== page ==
The ACLU and ACLU of Utah became involved in the emotional rollercoaster of a lawsuit, Kitchen v. Herbert, on October 17, 2013 when we submitted a “friend of the court” brief in support of the plaintiffs. In Kitchen v. Herbert, plaintiffs challenge Utah’s ban on same-sex marriage. The challenge to the Utah ban was brought by three Utah couples. These couples are Derek Kitchen and Moudi Sbeity; Karen Archer and Kate Call; and Laurie Wood and Kody Partridge and were represented by the law firm of Magleby & Greenwood. These couples were either married in Utah or were legally married somewhere else and wanted their home state to recognize their marriage.
In the brief written by the ACLU and ACLU of Utah, we argued that the Kitchen v. Herbert lawsuit called for a heightened level of scrutiny to be used when examining laws that discriminate against same-sex couples and their families. We argued that sexual orientation is a quasi-suspect classification that calls for scrutiny higher than rational-basis. Rational-basis is the lowest level of scrutiny that only requires a law to be reasonably related to serving a legitimate government interest.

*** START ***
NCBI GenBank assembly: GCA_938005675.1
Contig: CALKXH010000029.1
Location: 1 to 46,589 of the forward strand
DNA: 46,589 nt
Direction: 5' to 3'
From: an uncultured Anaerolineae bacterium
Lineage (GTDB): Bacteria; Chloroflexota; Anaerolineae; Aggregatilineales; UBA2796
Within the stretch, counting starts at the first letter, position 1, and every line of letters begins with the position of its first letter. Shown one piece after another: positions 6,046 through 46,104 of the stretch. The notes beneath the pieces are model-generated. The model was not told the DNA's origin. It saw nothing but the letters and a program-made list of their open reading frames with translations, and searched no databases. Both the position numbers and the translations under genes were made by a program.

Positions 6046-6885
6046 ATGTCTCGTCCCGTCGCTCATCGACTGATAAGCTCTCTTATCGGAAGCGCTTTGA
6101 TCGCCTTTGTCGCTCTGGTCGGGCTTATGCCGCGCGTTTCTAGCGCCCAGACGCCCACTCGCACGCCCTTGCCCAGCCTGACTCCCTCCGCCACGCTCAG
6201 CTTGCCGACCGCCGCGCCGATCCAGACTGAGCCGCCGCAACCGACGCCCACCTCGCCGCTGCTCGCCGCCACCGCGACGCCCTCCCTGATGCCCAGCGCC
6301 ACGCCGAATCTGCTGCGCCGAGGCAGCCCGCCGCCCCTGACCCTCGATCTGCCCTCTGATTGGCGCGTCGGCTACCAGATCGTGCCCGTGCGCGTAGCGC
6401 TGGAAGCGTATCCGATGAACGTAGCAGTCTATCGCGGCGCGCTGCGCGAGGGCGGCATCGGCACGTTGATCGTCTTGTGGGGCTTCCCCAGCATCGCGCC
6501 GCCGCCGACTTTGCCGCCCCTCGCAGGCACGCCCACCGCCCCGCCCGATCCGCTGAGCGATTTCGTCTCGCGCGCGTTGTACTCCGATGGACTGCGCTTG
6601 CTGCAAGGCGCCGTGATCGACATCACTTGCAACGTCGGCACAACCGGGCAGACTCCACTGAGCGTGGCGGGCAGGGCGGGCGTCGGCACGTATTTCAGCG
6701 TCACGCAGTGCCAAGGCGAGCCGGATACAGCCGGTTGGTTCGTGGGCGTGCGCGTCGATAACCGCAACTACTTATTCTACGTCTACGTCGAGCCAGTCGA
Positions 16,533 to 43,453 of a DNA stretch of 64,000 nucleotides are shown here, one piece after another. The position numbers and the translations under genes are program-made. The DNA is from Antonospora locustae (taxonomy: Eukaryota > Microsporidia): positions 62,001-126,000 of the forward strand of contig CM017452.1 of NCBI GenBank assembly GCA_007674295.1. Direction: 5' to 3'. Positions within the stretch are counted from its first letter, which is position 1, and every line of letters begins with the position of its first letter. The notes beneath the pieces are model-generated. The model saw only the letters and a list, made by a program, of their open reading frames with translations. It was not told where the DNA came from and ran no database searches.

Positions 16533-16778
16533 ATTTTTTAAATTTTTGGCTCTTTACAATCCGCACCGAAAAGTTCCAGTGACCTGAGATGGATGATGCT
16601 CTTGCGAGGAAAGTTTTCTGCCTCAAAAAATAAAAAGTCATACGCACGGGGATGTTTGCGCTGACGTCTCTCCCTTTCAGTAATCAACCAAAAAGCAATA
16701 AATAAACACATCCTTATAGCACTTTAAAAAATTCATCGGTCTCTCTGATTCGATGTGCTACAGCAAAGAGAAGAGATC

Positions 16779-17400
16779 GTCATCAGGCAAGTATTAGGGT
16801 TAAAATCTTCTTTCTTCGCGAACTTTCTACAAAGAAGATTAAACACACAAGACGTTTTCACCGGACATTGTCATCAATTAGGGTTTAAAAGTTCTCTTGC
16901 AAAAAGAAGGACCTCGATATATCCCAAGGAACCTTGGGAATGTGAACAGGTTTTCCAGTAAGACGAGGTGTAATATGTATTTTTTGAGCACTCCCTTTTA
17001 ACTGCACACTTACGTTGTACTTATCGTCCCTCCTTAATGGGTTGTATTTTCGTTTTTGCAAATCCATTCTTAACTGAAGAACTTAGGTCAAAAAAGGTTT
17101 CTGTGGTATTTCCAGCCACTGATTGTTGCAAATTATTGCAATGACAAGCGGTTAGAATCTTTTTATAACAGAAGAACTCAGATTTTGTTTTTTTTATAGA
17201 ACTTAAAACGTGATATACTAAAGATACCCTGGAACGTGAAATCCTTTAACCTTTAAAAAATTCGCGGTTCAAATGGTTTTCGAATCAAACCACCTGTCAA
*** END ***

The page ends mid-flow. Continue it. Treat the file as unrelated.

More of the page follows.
On December 20th 2013, a federal court declared that Utah’s ban on same-sex marriage was unconstitutional. The federal court decided that the ban based on sexual identity discrimination, did not pass the rational-basis test and did not require the use of a heightened level of scrutiny. The court found that Utah’s prohibition of same-sex marriage violated the plaintiffs’ rights to equal protection and due process under the 14th Amendment. In addition, the court said that the ban perpetuates inequality by holding that same-sex couples are not and will not be worthy of recognition.
Utah attempted to offer several interests as their legitimate government interests that would allow them to deny same-sex couples’ rights. One interest was preserving the traditional definition of marriage. However, the court said that tradition alone does not make a rational basis for law. The court did not accept this or the other speculations and fears of the State of Utah, as sufficient to deny fundamental rights.
On January 4, 2014, the U.S. Supreme Court granted a request from Utah’s attorney general to temporarily halt marriages for same-sex couples; this is because the state is appealing the federal court’s ruling on the state’s ban on marriage for same-sex couples. In a move that far out stepped its authority, the state later announced that it placed recognition of marriages that took place after a federal court struck down the state ban and before the U.S. Supreme Court temporarily halted marriages, on hold indefinitely.